'I find it touching that, in this picture, Bosch leaves behind his often nightmarish world of demons and monsters, presenting us with a blissful, but many-layered dreamscape.'

The Adoration of the Magi, 1470–75, by Hieronymus Bosch (about 1450–1516), 28in by 221⁄4in, The Metropolitan Museum of Art, New York. Bridgeman Images.

John Rutter says:
‘Just about everything in this lovely Epiphany scene is symbolic. The Madonna and Child are in a ruined castle (God’s kingdom on Earth). In the distance, we see a city (the new Jerusalem), two lovers crossing a bridge and a cross. The two kings on the right have retained their royal headgear and only the aged king kneels in submission, together with the figure presumed to be Joseph. The subtle message is that Mary and Jesus alone hold the keys to God’s kingdom, which they will give to those who are truly humble. It’s nothing like what the Epiphany must have been (look at that rich gold rug under the holy pair), but it combines complex symbolism with simple, serene beauty. I find it touching that, in this picture, Bosch leaves behind his often nightmarish world of demons and monsters, presenting us with a blissful, but many-layered dreamscape.’

John Rutter, composer and conductor, is best known for his choral music. His retrospective album The John Rutter Songbook is newly released.

John McEwen comments:
Until recently, this painting was classified school of Bosch. now, the under-drawing, tunnel perspective and ‘rather wooden figures’, with nonetheless ‘sensitively’ rendered faces, conclusively restore it to the canon as among the first of his pictures. The cloth held by angels like a curtain suggests the composition derives from the religious plays that were popular in his hometown of ’s-Hertogenbosch, one of the four principal cities of the duchy of Brabant. Today, the three other Brabantine cities—Brussels, Antwerp and Leuven—are in Belgium, whereas ’s-Hertogenbosch is in Holland.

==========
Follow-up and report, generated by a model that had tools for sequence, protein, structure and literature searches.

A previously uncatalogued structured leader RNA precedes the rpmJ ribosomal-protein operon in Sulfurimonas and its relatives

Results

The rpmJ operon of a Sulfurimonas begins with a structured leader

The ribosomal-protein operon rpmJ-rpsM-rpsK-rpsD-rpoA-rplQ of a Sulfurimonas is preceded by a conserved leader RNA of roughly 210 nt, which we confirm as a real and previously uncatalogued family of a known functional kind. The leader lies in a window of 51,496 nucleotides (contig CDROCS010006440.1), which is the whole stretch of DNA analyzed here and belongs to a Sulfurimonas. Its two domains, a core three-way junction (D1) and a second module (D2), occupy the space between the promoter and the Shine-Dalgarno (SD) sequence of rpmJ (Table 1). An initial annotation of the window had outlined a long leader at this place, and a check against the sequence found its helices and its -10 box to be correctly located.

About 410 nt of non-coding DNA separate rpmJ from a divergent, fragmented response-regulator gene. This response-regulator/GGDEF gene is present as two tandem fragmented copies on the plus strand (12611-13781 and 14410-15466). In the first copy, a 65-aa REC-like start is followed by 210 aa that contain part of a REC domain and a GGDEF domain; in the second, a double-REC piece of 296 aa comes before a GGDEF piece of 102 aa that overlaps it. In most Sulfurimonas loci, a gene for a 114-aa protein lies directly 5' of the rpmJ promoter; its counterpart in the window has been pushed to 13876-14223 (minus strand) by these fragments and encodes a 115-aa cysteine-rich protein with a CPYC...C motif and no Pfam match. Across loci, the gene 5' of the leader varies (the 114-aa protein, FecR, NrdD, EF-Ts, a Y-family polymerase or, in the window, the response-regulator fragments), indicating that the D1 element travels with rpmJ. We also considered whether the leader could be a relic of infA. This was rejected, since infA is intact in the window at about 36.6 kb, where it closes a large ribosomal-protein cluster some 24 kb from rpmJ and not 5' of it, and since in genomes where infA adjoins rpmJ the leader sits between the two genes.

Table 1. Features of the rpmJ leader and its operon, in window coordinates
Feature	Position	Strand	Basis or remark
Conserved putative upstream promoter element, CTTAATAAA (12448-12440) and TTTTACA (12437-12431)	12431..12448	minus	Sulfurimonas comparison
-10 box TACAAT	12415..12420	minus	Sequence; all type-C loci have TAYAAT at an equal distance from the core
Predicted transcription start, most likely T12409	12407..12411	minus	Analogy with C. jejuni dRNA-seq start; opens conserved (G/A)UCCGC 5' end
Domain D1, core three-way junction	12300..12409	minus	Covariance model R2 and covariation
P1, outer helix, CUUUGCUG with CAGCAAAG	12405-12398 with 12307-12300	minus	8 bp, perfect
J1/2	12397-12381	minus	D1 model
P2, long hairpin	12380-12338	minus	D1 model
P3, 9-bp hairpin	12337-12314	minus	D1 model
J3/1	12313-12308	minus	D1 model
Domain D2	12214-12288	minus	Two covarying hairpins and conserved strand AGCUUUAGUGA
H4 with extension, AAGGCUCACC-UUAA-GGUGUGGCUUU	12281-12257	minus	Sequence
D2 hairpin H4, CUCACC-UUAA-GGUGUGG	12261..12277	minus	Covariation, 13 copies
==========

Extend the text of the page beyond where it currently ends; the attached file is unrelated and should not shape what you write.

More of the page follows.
The city from which Bosch takes his name was a thriving commercial centre, noted not least for its cloth industry, with trade connections as far south as Italy. It had no university or bishopric, but many convents and monasteries. Of special importance was a Dutch brotherhood, the Devotio Moderna, who exemplified the Imitation of Christ, the devotional treatise attributed to thomas a Kempis. the moral authority of the medieval Church, soon to be challenged by the Protestant Reformation, still prevailed. Even 10 years after Bosch’s death, 5% of the city’s population was in religious orders, the highest proportion recorded in the Low Countries.

Biographical details of Bosch’s life are confined to a few records. He married an heiress older than himself, but there is no evidence that he ever left ’s-Hertogenbosch. In 1486–87, he is listed as a member of the Brotherhood of Our Lady, one of many to venerate the Virgin. The fantastic allegories for which he is famous lie ahead.

This article was originally published in Country Life, December 17, 2014

More from the My Favourite Painting Series